FO favours Sharif’s visit to India

Published May 23, 2014
- Photo by Suhail Yusuf.
- Photo by Suhail Yusuf.

ISLAMABAD: The Foreign Office has recommended to Prime Minister Nawaz Sha­rif to accept the Indian invitation to attend the oath-taking ceremony of premier-elect Narendra Modi on May 26.

The government is, however, yet to take a final decision on the invitation received on Wednesday.

Mr Modi has invited the leaders of member states of the South Asian Association for Regional Cooperation (Saarc) to the ceremony.

The invitation for Mr Sharif has sparked a debate in the country on whether or not it should be accepted, particularly in view of strains in bilateral ties and non-acceptance of Pakistani invitation by Indian Prime Minister Dr Manmohan Singh in the past.

“The Foreign Office has made the recommendation and the decision will most likely be in favour,” a senior diplomat at the FO told Dawn on Thursday. Explaining the position taken by the FO on the invitation, the official said: “It will be a mistake to let this opportunity go. We need to see beyond today.”

Prime Minister Sharif had phoned Mr Modi to congratulate him on his party’s election victory and invited him to visit Pakistan after assuming office.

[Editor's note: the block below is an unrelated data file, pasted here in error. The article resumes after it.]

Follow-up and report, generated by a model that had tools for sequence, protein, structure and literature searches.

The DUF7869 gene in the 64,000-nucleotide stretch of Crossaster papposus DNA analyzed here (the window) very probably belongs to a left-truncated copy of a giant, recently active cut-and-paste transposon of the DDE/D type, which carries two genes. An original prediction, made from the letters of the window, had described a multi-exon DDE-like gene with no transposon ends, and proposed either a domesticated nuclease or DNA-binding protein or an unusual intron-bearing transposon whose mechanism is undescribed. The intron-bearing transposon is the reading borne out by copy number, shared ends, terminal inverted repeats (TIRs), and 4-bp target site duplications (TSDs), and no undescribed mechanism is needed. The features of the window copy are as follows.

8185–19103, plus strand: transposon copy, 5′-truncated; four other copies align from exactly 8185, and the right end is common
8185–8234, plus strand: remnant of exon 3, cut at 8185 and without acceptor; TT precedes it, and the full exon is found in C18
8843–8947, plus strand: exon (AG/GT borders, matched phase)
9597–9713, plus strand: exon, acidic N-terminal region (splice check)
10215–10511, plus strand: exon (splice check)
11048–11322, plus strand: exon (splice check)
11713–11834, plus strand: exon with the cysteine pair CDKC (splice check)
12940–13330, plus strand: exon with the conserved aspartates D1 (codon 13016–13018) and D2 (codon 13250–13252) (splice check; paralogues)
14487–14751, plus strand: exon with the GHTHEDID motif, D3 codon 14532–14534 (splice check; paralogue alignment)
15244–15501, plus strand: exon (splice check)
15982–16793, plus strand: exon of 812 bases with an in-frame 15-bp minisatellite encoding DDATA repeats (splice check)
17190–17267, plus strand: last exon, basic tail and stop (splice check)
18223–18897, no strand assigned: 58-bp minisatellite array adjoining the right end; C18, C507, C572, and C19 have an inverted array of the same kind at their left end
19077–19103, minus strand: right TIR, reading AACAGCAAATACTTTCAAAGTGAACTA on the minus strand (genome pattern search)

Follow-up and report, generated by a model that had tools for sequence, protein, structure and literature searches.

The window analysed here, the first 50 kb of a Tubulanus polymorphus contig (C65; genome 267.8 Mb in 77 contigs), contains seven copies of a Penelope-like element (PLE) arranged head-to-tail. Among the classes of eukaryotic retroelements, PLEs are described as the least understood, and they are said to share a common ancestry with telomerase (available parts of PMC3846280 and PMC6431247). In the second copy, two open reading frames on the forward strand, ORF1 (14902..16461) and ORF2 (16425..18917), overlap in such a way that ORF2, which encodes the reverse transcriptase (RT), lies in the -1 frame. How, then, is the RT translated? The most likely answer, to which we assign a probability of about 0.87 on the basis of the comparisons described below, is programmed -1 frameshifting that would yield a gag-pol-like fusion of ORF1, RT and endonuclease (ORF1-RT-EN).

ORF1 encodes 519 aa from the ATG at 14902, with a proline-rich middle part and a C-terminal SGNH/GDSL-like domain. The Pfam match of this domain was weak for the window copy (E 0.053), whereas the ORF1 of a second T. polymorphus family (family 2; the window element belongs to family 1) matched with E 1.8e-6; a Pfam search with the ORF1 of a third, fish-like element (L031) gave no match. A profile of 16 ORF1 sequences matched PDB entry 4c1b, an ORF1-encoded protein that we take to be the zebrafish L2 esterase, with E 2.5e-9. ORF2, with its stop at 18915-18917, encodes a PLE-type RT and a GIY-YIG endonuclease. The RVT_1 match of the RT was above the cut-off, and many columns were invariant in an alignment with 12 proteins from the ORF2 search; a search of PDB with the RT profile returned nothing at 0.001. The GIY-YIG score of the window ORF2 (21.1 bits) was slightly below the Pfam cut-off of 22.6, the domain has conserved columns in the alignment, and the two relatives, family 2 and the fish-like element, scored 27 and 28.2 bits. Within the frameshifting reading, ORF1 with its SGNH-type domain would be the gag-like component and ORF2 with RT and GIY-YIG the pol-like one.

Though the BJP’s victory in elections was cautiously received in Pakistan because of the party’s extremist views and hardline position on issues concerning Pakistan, the government’s official position has been that it will “comprehensively and meaningfully” engage with the Modi government.

Meanwhile, Leader of Opposition in the National Assembly Khurshid Ahmed Shah has also urged Mr Sharif to accept the invitation in the larger interest of the people of the two countries.

Talking to reporters in his Parliament House chamber, Mr Shah said such a gesture would help improve the situation in the region and the people in both countries would heave a sigh of relief.

“Better relations between India and Pakistan are in the interest of the poor people in both the countries,” he said, adding that it was time that the two countries worked for development of their nations instead of focusing on fights.

Foreign Office spokesperson Tasneem Aslam told reporters at the weekly briefing on Thursday that “whether the prime minister would attend or not will be decided some time today”.

She said Pakistan’s expectation from the meeting, if it takes place, would be that it led to resumption of the dialogue process that would be “meaningful and constructive; a dialogue with a view to resolving the outstanding disputes between our two countries so that this region can have durable peace. “We expect this dialogue to be uninterrupted and uninterruptible”.

The spokesperson expressed the hope that bitterness towards Pakistan shown during the election campaign would subside after the formation of government in India.

“We hope that when the new government takes over, the kind of atmosphere that prevailed during the election rallies will be left behind and we will get down to the business of states craft,” she said.

Published in Dawn, May 23rd, 2014

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